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International Migration Outlook 2015

image of International Migration Outlook 2015

This publication analyses recent development in migration movements and policies in OECD countries and some non member countries as well as the evolution of recent labour market outcomes of immigrants in OECD countries. It includes a special chapter on : “Changing Patterns in the international migration of doctors and nurses to OECD countries”, as well as country notes and a statistical annex.

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Russian Federation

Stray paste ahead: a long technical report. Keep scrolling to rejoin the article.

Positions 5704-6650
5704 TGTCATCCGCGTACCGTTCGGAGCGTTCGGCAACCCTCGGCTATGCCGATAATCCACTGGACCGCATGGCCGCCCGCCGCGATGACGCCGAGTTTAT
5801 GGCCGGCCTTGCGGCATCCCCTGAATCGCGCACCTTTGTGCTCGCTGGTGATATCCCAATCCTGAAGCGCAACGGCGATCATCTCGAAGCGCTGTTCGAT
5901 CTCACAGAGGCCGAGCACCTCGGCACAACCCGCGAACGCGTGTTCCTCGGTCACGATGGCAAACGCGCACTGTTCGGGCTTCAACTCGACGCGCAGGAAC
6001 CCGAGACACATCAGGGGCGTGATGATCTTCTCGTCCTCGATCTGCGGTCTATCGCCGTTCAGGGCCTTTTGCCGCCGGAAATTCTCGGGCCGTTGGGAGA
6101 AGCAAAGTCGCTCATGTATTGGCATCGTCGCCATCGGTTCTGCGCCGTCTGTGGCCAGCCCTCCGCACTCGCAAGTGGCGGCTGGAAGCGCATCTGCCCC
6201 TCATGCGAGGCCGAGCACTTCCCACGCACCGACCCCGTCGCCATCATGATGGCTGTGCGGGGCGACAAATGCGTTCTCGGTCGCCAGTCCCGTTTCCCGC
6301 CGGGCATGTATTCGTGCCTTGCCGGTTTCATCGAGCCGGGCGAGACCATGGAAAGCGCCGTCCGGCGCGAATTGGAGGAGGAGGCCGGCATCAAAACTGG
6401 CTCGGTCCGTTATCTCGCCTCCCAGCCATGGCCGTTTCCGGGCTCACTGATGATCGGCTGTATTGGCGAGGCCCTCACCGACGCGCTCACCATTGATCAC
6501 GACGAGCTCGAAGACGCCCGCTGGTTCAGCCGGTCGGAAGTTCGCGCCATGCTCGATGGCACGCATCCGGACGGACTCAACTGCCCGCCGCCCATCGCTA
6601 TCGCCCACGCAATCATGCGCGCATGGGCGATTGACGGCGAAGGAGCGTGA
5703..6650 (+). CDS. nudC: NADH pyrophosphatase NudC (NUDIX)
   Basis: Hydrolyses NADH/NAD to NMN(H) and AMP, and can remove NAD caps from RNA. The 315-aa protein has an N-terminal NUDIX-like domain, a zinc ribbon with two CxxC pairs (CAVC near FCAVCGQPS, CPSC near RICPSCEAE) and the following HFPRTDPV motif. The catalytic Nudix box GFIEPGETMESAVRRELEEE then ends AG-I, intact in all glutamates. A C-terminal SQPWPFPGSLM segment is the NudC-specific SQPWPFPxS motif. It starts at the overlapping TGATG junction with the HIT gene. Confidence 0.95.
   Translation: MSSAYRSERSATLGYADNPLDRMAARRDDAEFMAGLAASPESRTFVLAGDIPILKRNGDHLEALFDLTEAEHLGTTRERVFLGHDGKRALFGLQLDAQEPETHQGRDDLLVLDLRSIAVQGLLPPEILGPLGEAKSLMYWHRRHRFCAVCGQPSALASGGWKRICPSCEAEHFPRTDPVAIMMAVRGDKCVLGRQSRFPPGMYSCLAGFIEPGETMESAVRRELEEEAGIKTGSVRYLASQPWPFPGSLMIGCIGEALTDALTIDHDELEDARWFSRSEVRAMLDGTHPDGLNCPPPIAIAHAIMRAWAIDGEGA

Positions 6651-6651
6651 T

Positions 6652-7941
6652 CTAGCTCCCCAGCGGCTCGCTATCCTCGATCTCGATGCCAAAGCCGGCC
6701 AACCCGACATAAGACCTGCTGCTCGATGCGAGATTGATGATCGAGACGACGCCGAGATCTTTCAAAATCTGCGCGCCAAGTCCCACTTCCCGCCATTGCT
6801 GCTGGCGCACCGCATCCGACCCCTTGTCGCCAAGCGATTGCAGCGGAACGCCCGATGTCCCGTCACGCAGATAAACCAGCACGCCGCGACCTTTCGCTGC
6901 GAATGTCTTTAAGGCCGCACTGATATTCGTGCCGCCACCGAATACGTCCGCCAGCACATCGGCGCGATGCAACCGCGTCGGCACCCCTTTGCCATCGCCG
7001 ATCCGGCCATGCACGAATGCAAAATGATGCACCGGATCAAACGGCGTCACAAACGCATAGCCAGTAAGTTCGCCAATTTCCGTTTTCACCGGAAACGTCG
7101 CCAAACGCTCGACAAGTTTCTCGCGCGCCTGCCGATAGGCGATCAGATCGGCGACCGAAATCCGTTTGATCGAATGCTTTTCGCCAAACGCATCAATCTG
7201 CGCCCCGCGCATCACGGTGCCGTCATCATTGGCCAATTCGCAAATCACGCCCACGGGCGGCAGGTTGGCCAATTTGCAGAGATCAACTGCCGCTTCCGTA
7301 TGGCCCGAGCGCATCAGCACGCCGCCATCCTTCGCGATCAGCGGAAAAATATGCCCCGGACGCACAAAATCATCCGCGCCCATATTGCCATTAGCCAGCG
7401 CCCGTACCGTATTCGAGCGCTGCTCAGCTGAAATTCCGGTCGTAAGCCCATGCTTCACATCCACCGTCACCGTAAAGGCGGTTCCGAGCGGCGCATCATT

The net migration inflow to the Russian Federation stood at 270 000 persons in 2014, according to official Rosstat statistics. While net immigration was lower than in 2013 (when it stood at 296 000), the gross migration inflow and outflow were both higher in 2014 than in 2013. The migration inflow in 2014 reached 578 000, an increase of 20% over the 2013 level. Immigrants in 2014 mainly came from other CIS countries: Uzbekistan (131 000 persons), followed by Ukraine, Kazakhstan and Tajikistan. Among non-CIS countries, People’s Republic of China was the main origin of immigrants (11 000 persons). As in 2013, immigrants from Uzbekistan accounted for one-quarter of the entire inflow. At 308 000 persons, the migration outflow was particularly high in 2014, likely because foreign workers whose registration expires are counted as emigrants. The outflow was mainly directed to the CIS countries of Uzbekistan (94 000), Tajikistan (35 000) and Ukraine (30 000), and to China (9 000). The highest net inflow from any country came from Ukraine (80 000).

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